Between the former manufacturing powerhouse Kwun Tong (觀塘) and the old Kai Tak Airport (啟德機場) lies a vast piece of reclaimed land that is neither bustling nor world famous like its neighbours. Yet, without this piece of in-between place where the MTR established its headquarters and Kowloon Motor Bus built its largest depot, and where dozens of industrial complexes, cargo centres and godowns called it home, Kai Tak could hardly become the world’s busiest cargo airport, and Hong Kong would lack its essential heart to keep things running. Reclaimed from the waters of Kowloon Bay in the 1970’s, the district of Kowloon Bay had served as an industrial and logistic centre packed with airplane hangars and cargo storage to support the neighboring airport. On 6th of July 1998, after Kai Tak Airport closed for good, the destiny of Kowloon Bay fell into the unknown. In 2001, signals for a new direction for Kowloon Bay began as the district’s designated zoning changed from industrial to business. A bold statement of the new urban vision emerged in 2007 when the eye-catching MegaBox opened its doors. Capturing the eye from far and near, the red structure instantly became the district’s new icon. With the city’s first IMAX theatre and largest skating rink, MegaBox is probably Hong Kong’s largest shopping mall. Since then, industrial complexes and cargo centres were gradually replaced by commercial towers around MegaBox, turning the heart of Kowloon Bay into a mixed-use neighborhood. Zero Carbon Building opened its door in 2012 across Mega Box as Hong Kong’s first ever carbon neutral architecture. The ZCB signifies another new vision for Kowloon Bay towards a sustainable future. But the story of revitalizing Kowloon Bay is much more complicated than erecting new structures. Urban redevelopment is not a simple matter of replacing concrete buildings with glassy structures, or overriding an old dream with a new vision. Whether the new developments can attract enough business demands or sustain economic downturns is yet to be seen. And in what way can the creative and efficient spirits of the industrial past perpetuate in the reinvented Kowloon Bay, creating a unique identity for this ever-changing neighborhood?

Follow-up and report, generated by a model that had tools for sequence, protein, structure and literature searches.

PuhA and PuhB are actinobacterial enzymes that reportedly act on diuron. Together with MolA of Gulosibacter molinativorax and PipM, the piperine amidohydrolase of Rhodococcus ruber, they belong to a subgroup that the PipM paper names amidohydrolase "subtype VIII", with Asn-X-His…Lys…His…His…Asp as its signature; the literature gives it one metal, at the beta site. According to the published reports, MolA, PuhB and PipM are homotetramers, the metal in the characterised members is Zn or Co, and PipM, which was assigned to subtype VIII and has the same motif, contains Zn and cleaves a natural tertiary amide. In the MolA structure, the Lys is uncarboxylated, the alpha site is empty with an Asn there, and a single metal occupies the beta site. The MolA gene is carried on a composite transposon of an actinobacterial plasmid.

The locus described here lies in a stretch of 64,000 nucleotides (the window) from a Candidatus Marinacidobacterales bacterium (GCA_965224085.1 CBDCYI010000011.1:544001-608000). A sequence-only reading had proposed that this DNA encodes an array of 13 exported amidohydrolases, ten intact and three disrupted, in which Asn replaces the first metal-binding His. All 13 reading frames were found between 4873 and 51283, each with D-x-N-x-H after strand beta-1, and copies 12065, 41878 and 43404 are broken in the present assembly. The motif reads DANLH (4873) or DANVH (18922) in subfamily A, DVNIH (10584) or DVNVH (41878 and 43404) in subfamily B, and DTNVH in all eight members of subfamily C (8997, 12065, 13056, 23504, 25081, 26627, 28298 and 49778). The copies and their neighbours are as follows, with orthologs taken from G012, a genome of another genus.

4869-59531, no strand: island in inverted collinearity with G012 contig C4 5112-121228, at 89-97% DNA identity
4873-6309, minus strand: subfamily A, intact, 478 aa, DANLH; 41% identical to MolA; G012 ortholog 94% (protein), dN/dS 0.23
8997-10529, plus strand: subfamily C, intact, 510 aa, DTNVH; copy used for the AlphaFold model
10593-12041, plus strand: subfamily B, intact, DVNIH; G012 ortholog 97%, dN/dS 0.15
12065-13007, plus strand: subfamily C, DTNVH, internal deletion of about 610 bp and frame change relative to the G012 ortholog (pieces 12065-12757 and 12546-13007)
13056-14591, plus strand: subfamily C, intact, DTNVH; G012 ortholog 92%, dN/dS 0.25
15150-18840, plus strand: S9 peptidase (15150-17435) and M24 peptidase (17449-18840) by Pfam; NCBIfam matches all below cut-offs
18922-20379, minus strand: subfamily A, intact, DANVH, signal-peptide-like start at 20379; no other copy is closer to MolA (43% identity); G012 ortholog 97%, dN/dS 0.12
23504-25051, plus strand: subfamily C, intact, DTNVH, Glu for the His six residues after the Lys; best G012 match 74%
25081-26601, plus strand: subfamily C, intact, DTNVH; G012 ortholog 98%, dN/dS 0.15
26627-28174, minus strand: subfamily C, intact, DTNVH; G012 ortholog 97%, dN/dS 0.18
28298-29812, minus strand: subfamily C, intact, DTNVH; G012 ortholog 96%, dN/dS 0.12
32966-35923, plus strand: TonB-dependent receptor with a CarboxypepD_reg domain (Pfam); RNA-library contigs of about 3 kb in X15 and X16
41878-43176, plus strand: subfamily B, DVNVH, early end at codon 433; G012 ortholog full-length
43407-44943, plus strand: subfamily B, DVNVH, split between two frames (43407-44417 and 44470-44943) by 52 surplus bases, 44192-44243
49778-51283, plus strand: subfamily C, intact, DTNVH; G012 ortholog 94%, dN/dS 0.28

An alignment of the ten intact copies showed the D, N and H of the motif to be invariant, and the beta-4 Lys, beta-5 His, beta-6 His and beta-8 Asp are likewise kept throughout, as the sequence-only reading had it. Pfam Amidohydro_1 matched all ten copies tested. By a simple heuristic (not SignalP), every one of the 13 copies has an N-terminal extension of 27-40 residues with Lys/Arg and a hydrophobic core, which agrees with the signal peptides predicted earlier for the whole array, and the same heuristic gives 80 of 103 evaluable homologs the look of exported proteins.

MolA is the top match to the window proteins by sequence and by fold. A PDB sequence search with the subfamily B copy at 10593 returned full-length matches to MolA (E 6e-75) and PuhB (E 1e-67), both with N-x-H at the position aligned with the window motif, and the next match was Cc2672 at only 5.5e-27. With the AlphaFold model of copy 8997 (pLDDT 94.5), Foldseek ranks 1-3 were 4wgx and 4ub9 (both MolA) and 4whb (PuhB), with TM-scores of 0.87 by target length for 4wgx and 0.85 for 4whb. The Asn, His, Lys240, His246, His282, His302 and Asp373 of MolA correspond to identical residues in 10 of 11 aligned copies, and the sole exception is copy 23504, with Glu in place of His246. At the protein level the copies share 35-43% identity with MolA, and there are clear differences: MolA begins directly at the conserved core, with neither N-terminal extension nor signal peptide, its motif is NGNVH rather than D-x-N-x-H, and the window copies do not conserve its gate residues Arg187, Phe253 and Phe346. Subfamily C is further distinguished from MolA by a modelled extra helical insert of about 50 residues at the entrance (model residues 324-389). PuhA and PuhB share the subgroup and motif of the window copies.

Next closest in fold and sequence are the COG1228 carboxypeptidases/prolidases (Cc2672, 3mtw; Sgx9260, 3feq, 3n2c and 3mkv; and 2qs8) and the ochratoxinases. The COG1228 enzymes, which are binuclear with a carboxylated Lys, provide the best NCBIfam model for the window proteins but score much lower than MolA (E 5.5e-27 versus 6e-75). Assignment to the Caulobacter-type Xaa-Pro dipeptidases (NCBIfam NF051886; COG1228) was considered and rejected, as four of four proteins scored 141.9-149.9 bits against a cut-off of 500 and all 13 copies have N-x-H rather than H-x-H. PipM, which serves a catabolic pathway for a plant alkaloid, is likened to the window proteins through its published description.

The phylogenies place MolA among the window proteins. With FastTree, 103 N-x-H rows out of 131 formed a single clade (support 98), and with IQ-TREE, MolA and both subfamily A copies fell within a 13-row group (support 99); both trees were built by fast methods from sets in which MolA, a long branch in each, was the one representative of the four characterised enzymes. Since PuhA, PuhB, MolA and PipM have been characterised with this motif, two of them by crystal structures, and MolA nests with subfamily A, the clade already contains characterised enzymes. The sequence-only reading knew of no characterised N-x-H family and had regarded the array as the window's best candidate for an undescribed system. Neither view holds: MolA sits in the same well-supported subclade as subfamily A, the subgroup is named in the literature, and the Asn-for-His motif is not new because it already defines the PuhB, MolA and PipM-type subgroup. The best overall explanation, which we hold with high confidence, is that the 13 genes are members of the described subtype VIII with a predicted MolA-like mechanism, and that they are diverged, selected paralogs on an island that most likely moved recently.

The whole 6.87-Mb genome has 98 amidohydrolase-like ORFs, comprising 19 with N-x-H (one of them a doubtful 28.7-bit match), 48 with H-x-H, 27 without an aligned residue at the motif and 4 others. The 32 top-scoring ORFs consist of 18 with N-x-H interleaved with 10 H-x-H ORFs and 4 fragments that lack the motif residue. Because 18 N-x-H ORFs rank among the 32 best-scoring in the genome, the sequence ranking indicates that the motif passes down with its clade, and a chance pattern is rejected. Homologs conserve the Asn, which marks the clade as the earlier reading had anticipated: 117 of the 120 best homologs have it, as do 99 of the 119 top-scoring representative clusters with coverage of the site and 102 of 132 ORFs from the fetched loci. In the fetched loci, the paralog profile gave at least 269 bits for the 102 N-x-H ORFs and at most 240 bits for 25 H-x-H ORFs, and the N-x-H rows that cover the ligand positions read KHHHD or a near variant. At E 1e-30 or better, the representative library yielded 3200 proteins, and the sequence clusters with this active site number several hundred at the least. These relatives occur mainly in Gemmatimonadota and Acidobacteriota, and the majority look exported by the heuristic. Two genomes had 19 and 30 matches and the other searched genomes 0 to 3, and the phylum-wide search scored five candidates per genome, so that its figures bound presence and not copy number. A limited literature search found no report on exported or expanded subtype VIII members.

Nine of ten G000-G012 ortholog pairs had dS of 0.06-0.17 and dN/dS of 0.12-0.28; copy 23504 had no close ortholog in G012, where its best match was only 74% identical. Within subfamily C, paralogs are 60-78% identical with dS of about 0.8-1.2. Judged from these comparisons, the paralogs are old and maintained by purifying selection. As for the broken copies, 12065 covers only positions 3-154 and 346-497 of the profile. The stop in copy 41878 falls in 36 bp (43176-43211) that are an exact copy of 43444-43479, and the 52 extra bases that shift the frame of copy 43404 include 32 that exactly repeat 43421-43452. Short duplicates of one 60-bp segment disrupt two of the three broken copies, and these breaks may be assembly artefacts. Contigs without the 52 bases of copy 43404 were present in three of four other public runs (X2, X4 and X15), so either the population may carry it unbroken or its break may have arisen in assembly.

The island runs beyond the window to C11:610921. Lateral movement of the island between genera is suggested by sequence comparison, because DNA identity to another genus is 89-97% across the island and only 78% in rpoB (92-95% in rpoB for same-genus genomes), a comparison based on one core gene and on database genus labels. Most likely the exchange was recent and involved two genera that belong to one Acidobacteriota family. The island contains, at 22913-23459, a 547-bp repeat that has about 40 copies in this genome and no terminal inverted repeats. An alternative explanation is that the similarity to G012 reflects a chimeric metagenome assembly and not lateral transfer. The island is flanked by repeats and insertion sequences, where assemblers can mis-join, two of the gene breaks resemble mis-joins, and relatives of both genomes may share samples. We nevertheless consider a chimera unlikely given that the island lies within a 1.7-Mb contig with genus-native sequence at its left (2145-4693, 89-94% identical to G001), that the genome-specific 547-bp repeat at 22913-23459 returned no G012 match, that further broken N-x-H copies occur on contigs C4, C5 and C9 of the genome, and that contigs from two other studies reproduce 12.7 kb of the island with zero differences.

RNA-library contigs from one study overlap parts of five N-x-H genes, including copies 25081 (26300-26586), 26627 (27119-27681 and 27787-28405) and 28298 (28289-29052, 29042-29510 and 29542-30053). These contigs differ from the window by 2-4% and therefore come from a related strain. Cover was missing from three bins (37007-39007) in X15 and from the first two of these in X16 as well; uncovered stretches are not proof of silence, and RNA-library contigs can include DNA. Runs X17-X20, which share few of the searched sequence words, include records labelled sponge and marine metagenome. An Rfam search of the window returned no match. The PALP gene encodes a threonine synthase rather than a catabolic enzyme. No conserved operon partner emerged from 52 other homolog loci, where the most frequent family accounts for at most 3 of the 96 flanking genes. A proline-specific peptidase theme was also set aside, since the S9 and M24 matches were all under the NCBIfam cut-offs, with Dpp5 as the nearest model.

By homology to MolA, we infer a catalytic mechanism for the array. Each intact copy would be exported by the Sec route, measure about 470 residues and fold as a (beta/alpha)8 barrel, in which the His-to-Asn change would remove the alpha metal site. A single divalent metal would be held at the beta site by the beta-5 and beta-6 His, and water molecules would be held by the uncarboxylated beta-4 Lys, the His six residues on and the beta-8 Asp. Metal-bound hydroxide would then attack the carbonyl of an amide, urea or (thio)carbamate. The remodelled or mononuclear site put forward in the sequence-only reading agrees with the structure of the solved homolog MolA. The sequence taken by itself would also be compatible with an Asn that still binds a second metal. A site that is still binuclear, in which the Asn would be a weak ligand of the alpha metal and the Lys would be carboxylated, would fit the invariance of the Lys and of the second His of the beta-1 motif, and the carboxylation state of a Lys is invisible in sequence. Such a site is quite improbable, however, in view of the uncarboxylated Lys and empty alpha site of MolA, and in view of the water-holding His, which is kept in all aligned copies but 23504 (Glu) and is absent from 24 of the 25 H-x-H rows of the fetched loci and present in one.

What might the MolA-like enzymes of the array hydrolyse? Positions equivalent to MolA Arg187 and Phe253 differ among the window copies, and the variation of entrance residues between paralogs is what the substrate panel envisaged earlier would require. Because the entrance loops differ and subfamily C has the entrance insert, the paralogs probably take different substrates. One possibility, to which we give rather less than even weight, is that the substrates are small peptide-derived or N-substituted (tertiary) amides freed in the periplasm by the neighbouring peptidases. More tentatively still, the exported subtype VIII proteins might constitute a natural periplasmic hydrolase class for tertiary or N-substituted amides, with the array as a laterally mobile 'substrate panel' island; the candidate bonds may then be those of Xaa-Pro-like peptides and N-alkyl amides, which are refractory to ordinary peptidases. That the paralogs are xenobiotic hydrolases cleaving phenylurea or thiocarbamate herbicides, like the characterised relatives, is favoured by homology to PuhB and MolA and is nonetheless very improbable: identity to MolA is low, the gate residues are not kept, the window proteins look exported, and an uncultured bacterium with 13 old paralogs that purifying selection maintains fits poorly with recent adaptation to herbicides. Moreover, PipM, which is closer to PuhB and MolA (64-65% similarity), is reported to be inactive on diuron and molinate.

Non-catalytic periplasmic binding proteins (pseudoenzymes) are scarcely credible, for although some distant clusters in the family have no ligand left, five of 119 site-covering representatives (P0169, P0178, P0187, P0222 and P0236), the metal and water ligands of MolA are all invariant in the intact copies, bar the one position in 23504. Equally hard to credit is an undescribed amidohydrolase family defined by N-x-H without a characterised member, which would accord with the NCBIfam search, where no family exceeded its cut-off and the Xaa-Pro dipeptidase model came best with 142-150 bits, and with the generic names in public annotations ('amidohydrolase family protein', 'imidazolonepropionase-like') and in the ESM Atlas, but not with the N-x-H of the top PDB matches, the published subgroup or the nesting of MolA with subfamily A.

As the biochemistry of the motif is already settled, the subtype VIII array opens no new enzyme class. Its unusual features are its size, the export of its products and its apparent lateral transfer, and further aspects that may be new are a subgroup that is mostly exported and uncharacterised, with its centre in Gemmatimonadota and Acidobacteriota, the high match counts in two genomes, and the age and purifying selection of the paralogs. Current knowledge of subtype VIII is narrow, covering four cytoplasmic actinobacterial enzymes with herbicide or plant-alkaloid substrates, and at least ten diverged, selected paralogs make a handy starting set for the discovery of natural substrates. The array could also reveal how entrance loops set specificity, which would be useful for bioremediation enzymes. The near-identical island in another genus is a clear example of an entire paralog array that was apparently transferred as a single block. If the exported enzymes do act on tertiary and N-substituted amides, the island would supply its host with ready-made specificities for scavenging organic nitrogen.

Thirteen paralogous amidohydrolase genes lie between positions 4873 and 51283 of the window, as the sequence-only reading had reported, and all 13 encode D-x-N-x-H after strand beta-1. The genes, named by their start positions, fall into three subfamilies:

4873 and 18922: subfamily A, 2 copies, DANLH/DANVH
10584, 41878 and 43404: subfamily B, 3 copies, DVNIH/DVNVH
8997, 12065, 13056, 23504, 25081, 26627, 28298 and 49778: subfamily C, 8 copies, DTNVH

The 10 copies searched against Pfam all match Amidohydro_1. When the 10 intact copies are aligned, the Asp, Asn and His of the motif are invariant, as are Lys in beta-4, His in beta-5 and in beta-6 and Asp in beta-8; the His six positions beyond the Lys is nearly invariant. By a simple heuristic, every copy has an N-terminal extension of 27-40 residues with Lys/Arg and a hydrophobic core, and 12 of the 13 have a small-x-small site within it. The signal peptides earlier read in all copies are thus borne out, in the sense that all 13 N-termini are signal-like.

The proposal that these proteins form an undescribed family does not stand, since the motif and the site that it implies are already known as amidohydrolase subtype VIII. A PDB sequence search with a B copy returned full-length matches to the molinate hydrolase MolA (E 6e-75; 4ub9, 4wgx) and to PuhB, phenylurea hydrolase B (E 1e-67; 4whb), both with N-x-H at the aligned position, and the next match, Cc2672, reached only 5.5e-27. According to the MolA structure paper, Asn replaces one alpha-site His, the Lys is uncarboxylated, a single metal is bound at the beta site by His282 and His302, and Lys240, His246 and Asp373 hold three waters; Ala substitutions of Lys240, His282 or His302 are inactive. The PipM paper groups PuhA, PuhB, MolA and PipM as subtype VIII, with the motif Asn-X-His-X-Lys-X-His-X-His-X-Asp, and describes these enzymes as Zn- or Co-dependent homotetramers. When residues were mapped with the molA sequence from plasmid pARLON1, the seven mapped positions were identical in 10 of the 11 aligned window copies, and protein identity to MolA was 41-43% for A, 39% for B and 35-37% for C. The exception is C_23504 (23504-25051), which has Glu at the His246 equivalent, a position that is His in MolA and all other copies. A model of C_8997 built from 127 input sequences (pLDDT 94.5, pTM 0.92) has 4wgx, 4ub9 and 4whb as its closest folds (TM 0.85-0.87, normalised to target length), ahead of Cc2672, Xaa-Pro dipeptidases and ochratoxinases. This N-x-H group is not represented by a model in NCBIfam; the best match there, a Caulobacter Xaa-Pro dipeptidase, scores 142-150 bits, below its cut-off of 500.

Thanks to work projects and a good friend who works in the area, we visit Kowloon Bay regularly in the past few years, and have witnessed its evolution like a time-lapse video. Today, depending on who you ask, some may say that Kowloon Bay is still an industrial hub of Hong Kong, while others may say it is a core business centre of Kowloon East. Among the cluster of sleek commercial towers, dozens of old industrial blocks packed with small companies and startup businesses are still going strong. The oddity of seeing multi-level drum ramps of cargo centre standing side by side to glassy office towers, or walking from a wide arterial road designed for trucks and trailers into a network of lush green pedestrian paths catered for healthy jogging often intrigue us. These somewhat contradicting experience in a changing neighborhood offers an interesting urban scenery and a transient beauty. It is a picture that celebrates the convergence of distinct planning visions, contrasting ambiences, and conflicting visual identities that may seem odd at the first glance. Yet, the beauty of finding diversity, ambiguity, equilibrium and even contradictions would eventually creep in, especially when seeing the juxtaposition and layering of distinct architecture somehow complementing each other, or the mingling of people in different professions at the same public square. Singular and segregated zoning was largely a product of industrialization when polluting and noisy industries were separated from residential and commercial centres. In many cities, especially in North America, highways and railways were often used to demarcate the boundaries of different zones. As heavy industries shifted away from city centres in recent decades just like the case of Kowloon Bay, many former industrial buildings have become a venue of opportunities for young startups. Together with financial institutions, restaurants, retail, and other small businesses, these small entrepreneurs would form a diverse urban ecosystem and a multifaceted community. Would there be room in the revitalization of Kowloon Bay that some industrial components can be retained and reach a harmonic relationship with the new commercial establishments? There is still much more to be seen in the coming years.